I recollect the by-election when the hon. Member for Derbyshire, West (Mr. McLoughlin) was elected, but I shall not follow him down the highways and byways of his county. I noted that the hon. Member for Staffordshire, South (Mr. Cormack) gave him a back-handed compliment while putting a knife between the shoulderblades of his right hon. Friend the Secretary of State.
The Secretary of State said that the Bill is fair. It is evidently not fair, and the right hon. Gentleman was floundering when his hon. Friends the Members for Birmingham, Selly Oak (Mr. Beaumont-Dark), for Tiverton (Mr. Maxwell-Hyslop) and for Birmingham, Yardley (Mr. Bevan) put questions to him. He gave no clear answers. Indeed, he evaded each question.
I agree with the Secretary of State when he says that the measure will bring a new atmosphere to local politics. That is certainly a prophetic remark, because the measure will devalue all hard-working councils. I heard the Secretary of State speak about the problem of fiscal migration—whatever he meant by that. He should know that many Welsh people are migrating from Wales because there are not enough jobs to sustain them and their families. The right hon. Gentleman's speech was perhaps the most abject speech from a Secretary of State on Second Reading for many years. Where were the Cabinet Ministers? Where was the Prime Minister when the right hon. Gentleman sought to put what is arguably the biggest measure in this Parliament before the House? My hon. Friend the Member for Copeland (Dr. Cunningham) effectively and devastatingly savaged the Bill.
The right hon. Member for Henley (Mr. Heseltine) made a speech such as we have not heard for many years. The right hon. Gentleman used his speech as a kind of political teach-in for the benefit of his right hon. and hon. Friends. He told them that if they proceeded down that path, they would lose the general election, and he told them who would be to blame. His speech dealt a brutal blow to the Secretary of State. The right hon. Member for Henley was right to say that the Bill would be expensive and unfair. As he made that broadside, the Treasury Benches were petrified, knowing that they were unable to make a case against him. I heard the hon. Member for Henley clearly say to his hon. Friend the Member for Eastbourne (Mr. Gow) "Forgive me", like some modern Brutus.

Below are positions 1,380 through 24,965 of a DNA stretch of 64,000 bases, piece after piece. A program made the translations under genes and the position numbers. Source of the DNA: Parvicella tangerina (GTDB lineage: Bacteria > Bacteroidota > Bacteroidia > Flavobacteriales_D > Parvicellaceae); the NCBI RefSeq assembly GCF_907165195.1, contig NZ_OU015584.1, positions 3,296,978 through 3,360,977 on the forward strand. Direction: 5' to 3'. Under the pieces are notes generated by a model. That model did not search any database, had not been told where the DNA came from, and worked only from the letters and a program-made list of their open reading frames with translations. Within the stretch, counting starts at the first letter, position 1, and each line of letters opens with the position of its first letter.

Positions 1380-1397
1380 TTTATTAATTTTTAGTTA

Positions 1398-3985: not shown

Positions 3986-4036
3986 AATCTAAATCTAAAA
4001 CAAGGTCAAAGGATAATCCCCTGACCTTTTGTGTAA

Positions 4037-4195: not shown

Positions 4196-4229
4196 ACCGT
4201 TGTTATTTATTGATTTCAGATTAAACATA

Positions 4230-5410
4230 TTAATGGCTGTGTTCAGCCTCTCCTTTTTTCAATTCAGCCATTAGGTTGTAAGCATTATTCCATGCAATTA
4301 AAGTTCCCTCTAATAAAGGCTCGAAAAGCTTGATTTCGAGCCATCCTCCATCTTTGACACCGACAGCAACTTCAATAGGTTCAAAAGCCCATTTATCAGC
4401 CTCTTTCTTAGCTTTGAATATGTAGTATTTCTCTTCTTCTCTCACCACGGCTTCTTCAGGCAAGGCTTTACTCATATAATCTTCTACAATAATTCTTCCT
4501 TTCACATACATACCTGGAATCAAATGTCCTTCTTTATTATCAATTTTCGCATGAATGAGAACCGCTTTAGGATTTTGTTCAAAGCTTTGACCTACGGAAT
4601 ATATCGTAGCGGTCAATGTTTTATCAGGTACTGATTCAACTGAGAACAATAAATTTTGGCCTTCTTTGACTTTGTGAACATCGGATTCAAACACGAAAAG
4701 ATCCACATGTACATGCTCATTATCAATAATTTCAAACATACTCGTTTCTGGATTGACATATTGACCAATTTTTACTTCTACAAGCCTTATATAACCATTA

The poll tax is an unjust proposition which will hit hardest the underprivileged people in Britain. If we take the Bill in its social and economic context in northern Britain, we can see that it is quite unjust. I would call, as the latest witness, the Foreign Secretary's famous letter to his constituency chairman. It is now well read, and it describes his real concerns about the Bill. He cites racial, class, regional and social differences. The poll tax will bear heavily on the people for whom the Foreign Secretary expressed concern. The right hon. and learned Gentleman is not here today. I wonder whether that speech, which was published over the weekend, was his way of distancing himself from the poll tax. Certainly, the Foreign Secretary was not present this afternoon to assist the Secretary of State.
I shall attempt to put the proposal into a new context. About a fortnight ago, I heard a former Prime Minister, the right hon. Member for Bexley and Sidcup (Mr. Heath), denouncing the Education Reform Bill. I remind the House that in 1985 the Duke of Edinburgh made a report about the severe crisis in housing. All hon. Members will remember the tumultuous scenes in the House yesterday, because our Health Service is in great difficulty. The poll tax will hit those who are in need of National Health Service treatment and those of our citizens who cannot afford to pay for health care at the point of use.
I wish to relate the Bill to the problem of unemployment. Ordinary people—